AES New York 2011
Paper Session P1
P1 - Room Acoustics
Thursday, October 20, 9:00 am — 11:00 am (Room: 1E09)
Peter Mapp, Peter Mapp Associates
P1-1 New Thoughts on Active Acoustic Absorbers—John Vanderkooy, University of Waterloo - Waterloo, Ontario, Canada
This paper continues an earlier exploration of using full-range loudspeakers as both acoustic sources and sinks, in an attempt to reduce the room decay time for bass frequencies. We develop the theory for a point active absorber immersed in the acoustic source field from a point source. This would apply to normal loudspeakers used as either sources or absorbers at frequencies below about 300 Hz, where they act as points. The result extends the theory of Nelson and Elliott for a point absorber interacting with a plane wave. An extra term occurs that has little net effect when averaged over frequency or distance. In rooms such cancellation occurs due to the varying distances from all the source images to the absorber. Impulse responses in several small rooms were measured from a source and an absorber loudspeaker to both a few listening microphones and a microphone mounted at the absorber. The efficacy of the active absorber is assessed and the results are enigmatic.
Convention Paper 8458 (Purchase now)
P1-2 Investigations of Room Acoustics with a Spherical Microphone Array—Samuel W. Clapp, Rensselear Polytechnic Institute - Troy, NY, USA; Anne Guthrie, Rensselear Polytechnic Institute - Troy, NY, USA, Arup, New York, NY, USA; Jonas Braasch, Ning Xiang, Rensselear Polytechnic Institute - Troy, NY, USA
Most room acoustic parameters are calculated with data from omni-directional or figure-of-eight microphones. Using a spherical microphone array to record room impulse responses can open up several new areas of inquiry. It can yield much more information about the spatial characteristics of the sound field, including the diffuseness of the sound field and the directions of individual reflections. A 16-channel microphone array was designed, built, and tested with both simulations and simple, controlled sound events. Room impulse responses were then measured in reverberant rooms used for music from stage and audience positions, and the results were analyzed using beamforming techniques to determine spatial information about the sound field.
Convention Paper 8459 (Purchase now)
P1-3 Room Acoustics Using a 2.5 Dimensional Approach with Damping Included—Patrick Macey, PACSYS Limited - Nottingham, UK
Cavity modes of a finite bounded region with rigid boundaries can be used to compute the steady state harmonic response for point source excitation. In cuboid domains this is straightforward. In general regions, determining a set of orthonormal modes is more difficult. Previous work showed that for rooms of constant height, 3-D modes can be computed from the cross section modes, and this used for a fast solution. This approach used modal damping. More realistic damping associated with wall areas could be included using a damped eigenvalue calculation of the cross section modes. This is restrictive on damping formulations. An alternative non-modal approach, using a trigonometric expansion through the height is proposed. This is still faster than 3-D FEM.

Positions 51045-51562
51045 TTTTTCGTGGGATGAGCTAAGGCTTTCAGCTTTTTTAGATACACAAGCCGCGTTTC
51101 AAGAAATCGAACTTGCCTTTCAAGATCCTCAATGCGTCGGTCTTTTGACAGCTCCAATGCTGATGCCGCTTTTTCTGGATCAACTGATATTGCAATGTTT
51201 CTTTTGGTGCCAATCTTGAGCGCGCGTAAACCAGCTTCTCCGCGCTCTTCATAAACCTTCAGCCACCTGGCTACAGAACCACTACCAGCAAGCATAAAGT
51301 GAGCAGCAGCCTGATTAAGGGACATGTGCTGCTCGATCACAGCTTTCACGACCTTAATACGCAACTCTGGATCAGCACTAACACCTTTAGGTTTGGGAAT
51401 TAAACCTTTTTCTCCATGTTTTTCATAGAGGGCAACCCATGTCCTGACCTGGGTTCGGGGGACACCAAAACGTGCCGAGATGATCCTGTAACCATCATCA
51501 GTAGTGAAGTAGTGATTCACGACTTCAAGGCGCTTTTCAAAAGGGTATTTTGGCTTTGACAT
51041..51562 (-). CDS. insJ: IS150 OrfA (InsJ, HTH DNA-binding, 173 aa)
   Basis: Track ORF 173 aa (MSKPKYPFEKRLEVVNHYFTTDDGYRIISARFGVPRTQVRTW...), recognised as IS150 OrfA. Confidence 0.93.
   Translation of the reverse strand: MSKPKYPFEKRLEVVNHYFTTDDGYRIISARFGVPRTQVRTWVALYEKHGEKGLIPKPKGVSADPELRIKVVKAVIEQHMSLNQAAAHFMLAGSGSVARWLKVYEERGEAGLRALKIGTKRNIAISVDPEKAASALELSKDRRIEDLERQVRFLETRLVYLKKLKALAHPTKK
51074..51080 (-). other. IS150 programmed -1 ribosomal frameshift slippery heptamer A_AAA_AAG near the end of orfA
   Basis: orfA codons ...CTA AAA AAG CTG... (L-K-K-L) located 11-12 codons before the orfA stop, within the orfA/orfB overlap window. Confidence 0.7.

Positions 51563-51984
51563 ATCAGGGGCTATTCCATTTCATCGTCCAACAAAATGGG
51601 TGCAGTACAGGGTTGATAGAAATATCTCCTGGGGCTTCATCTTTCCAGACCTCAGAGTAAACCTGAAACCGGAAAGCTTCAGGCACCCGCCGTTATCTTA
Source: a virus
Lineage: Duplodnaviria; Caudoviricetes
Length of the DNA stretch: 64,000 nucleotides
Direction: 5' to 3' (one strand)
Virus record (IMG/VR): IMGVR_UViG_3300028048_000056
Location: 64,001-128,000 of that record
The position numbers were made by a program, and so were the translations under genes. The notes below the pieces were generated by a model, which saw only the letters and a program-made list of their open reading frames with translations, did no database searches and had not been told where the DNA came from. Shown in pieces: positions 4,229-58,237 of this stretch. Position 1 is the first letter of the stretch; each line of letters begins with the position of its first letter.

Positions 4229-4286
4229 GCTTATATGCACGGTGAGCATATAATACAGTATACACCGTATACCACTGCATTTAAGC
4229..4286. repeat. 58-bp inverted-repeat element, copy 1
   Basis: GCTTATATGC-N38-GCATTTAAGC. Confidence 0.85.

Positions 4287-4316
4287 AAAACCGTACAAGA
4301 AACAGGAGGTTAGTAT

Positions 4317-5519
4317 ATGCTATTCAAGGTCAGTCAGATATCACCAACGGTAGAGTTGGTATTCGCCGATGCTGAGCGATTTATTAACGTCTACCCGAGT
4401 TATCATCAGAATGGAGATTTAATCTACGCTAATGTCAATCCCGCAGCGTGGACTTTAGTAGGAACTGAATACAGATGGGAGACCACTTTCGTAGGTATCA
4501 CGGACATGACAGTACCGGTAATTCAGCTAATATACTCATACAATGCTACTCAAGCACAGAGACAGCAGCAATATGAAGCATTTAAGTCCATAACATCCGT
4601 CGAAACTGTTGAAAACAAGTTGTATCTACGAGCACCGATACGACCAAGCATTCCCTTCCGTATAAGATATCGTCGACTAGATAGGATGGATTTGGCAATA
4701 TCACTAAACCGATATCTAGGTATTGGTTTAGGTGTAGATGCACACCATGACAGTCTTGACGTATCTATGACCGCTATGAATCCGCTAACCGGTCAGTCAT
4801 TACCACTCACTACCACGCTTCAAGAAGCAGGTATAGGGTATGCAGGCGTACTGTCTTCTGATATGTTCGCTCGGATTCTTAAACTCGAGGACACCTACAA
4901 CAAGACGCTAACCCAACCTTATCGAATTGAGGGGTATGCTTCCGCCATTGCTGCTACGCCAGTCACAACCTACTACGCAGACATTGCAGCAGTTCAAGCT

Convention Paper 8460 (Purchase now)
P1-4 Accurate Acoustic Modeling of Small Rooms—Holger Schmalle, AFMG Ahnert Feistel Media Group - Berlin, Germany; Dirk Noy, WSDG Walters-Storyk Design Group - Basal, Switzerland; Stefan Feistel, AFMG Ahnert Feistel Media Group - Berlin, Germany; Gabriel Hauser, WSDG Walters-Storyk Design Group - Basal, Switzerland; Wolfgang Ahnert, AFMG Ahnert Feistel Media Group - Berlin, Germany; John Storyk, WSDG Walters-Storyk Design Group - Basal, Switzerland
Modeling of sound reinforcement systems and room acoustics in large and medium-size venues has become a standard in the audio industry. However, acoustic modeling of small rooms has not yet evolved into a widely accepted concept, mainly because of the unavailable tool set. This work introduces a practical and accurate software-based approach for simulating the acoustic properties of studio rooms based on FEM. A detailed case study is presented and modeling results are compared with measurements. It is shown that results match within given uncertainties. Also, it is indicated how the simulation software can be enhanced to optimize loudspeaker locations and place absorbers and diffusers in order to improve the acoustic quality of the space and thus the listening experience.
Convention Paper 8457 (Purchase now)
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